losing teeth leads to cognitive decline
Tooth loss is a risk factor for cognitive impairment and dementia, according to a recent study led by researchers at NYU Rory Meyers College of Nursing and published in JAMDA: The Journal of Post-Acute and Long-Term Care Medicine. And with each additional tooth loss, the risk of impairment grows. Some good news though: that risk was not significant in older adults with dentures.

According to the Centers for Disease Control and Prevention, about one in six people aged 65 or older have lost all of their teeth. There have been speculations and studies over the years that have suggested a connection between tooth loss and cognitive decline, with a range of possible explanations. One of these is the simplest: when you are missing teeth you can experience difficulty in chewing, which can lead to nutritional deficits in your diet, and these nutritional deficits can affect the brain. Research also shows that gum disease, which is the leading cause of tooth loss, is directly connected to cognitive decline and impairment. In addition, tooth loss can indicate or create socioeconomic challenges that are risk factors for cognitive issues.

The connection between poor oral health and cognitive decline was the focus the study, which analyzed longitudinal studies of tooth loss and cognitive impairment. The researchers found that adults with more tooth loss had a 1.48 times higher risk of developing cognitive impairment, and 1.28 times higher risk of being diagnosed with dementia, even after controlling for other factors.*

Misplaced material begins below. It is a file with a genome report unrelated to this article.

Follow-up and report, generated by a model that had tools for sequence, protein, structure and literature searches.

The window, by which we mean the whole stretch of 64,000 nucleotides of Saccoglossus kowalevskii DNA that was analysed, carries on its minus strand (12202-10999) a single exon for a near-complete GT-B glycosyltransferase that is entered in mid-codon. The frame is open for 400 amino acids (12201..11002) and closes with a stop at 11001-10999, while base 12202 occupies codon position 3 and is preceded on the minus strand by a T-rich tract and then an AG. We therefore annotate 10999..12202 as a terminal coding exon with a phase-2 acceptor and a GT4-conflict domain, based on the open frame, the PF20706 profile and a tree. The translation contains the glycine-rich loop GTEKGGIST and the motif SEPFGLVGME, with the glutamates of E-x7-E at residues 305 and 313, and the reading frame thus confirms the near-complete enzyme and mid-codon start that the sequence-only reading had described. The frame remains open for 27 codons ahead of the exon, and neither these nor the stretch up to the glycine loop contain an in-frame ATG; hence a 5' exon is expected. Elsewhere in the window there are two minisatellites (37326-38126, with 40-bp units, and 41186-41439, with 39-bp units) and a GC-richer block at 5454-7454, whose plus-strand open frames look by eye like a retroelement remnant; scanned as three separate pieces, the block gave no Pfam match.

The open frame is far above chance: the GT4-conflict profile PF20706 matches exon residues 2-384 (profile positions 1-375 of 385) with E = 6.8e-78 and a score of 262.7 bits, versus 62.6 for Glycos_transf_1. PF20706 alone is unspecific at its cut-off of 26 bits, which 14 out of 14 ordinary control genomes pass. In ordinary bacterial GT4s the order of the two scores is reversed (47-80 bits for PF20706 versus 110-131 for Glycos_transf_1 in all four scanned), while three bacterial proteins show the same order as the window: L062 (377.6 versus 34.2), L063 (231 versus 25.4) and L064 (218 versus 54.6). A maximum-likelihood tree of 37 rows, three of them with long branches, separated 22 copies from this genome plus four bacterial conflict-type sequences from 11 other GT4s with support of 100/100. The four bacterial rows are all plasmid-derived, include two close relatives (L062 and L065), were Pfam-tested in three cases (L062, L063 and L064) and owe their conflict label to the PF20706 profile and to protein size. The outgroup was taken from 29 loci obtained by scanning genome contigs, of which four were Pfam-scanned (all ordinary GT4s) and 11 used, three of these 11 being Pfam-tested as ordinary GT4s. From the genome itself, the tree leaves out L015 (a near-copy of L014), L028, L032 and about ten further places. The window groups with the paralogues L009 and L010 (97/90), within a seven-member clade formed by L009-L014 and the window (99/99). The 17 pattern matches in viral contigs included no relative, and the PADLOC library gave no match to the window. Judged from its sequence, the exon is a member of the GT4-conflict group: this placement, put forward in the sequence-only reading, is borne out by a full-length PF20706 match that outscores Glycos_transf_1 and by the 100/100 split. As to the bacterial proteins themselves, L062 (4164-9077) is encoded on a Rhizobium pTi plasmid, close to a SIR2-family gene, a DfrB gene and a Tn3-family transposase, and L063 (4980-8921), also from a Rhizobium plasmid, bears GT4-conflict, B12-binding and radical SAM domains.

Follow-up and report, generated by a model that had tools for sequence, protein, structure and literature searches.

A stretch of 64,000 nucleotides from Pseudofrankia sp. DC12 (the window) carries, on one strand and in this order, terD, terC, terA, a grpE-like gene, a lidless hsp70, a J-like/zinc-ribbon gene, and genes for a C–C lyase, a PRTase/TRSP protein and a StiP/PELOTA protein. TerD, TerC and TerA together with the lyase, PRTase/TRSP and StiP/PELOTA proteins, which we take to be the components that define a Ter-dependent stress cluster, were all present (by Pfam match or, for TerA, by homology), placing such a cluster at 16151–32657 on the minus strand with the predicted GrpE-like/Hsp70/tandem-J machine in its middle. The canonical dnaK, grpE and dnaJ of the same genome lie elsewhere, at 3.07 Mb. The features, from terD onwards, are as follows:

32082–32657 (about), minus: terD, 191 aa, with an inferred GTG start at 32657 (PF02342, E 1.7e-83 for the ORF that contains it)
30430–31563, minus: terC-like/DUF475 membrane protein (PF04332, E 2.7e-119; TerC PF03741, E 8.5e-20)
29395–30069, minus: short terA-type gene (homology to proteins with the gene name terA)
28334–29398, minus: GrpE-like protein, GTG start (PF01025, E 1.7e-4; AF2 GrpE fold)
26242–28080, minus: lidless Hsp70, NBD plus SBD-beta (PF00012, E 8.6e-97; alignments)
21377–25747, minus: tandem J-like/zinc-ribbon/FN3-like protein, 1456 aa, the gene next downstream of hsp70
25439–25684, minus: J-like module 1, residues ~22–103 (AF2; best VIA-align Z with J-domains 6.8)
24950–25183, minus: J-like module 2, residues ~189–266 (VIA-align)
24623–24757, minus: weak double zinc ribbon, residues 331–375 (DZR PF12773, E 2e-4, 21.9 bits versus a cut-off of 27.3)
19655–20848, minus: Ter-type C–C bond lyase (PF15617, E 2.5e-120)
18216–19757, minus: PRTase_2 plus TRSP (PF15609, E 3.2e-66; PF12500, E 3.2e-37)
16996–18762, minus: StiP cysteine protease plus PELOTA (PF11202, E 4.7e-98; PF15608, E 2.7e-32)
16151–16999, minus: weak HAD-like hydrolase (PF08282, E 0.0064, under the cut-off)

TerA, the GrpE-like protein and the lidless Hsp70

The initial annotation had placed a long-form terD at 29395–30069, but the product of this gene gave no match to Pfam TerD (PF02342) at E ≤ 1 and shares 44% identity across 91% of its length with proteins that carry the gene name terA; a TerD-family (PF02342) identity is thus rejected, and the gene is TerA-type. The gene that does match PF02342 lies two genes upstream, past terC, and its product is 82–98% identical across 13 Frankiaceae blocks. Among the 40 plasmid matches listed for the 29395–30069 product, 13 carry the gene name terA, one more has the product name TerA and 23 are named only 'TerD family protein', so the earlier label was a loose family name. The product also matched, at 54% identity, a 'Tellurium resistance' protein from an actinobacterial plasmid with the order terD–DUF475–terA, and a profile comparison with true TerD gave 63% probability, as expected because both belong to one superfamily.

The researchers also analyzed a subset of studies to determine if a greater number of missing teeth was linked to a higher risk for cognitive decline. Their findings concluded that each additional missing tooth was associated with a 1.4 percent increased risk of cognitive impairment, and a 1.1 percent increased risk of being diagnosed with dementia.

“Given the staggering number of people diagnosed with Alzheimer’s disease and dementia each year, and the opportunity to improve oral health across the lifespan, it’s important to gain a deeper understanding of the connection between poor oral health and cognitive decline,” said Bei Wu, PhD, Dean’s Professor in Global Health at NYU Rory Meyers College of Nursing and co-director of the NYU Aging Incubator, as well as the study’s senior author. “Our findings underscore the importance of maintaining good oral health and its role in helping to preserve cognitive function,” said Wu.*

Oral health is a vital part of maintaining your overall health, and especially your cognitive health. Call to schedule a visit today!



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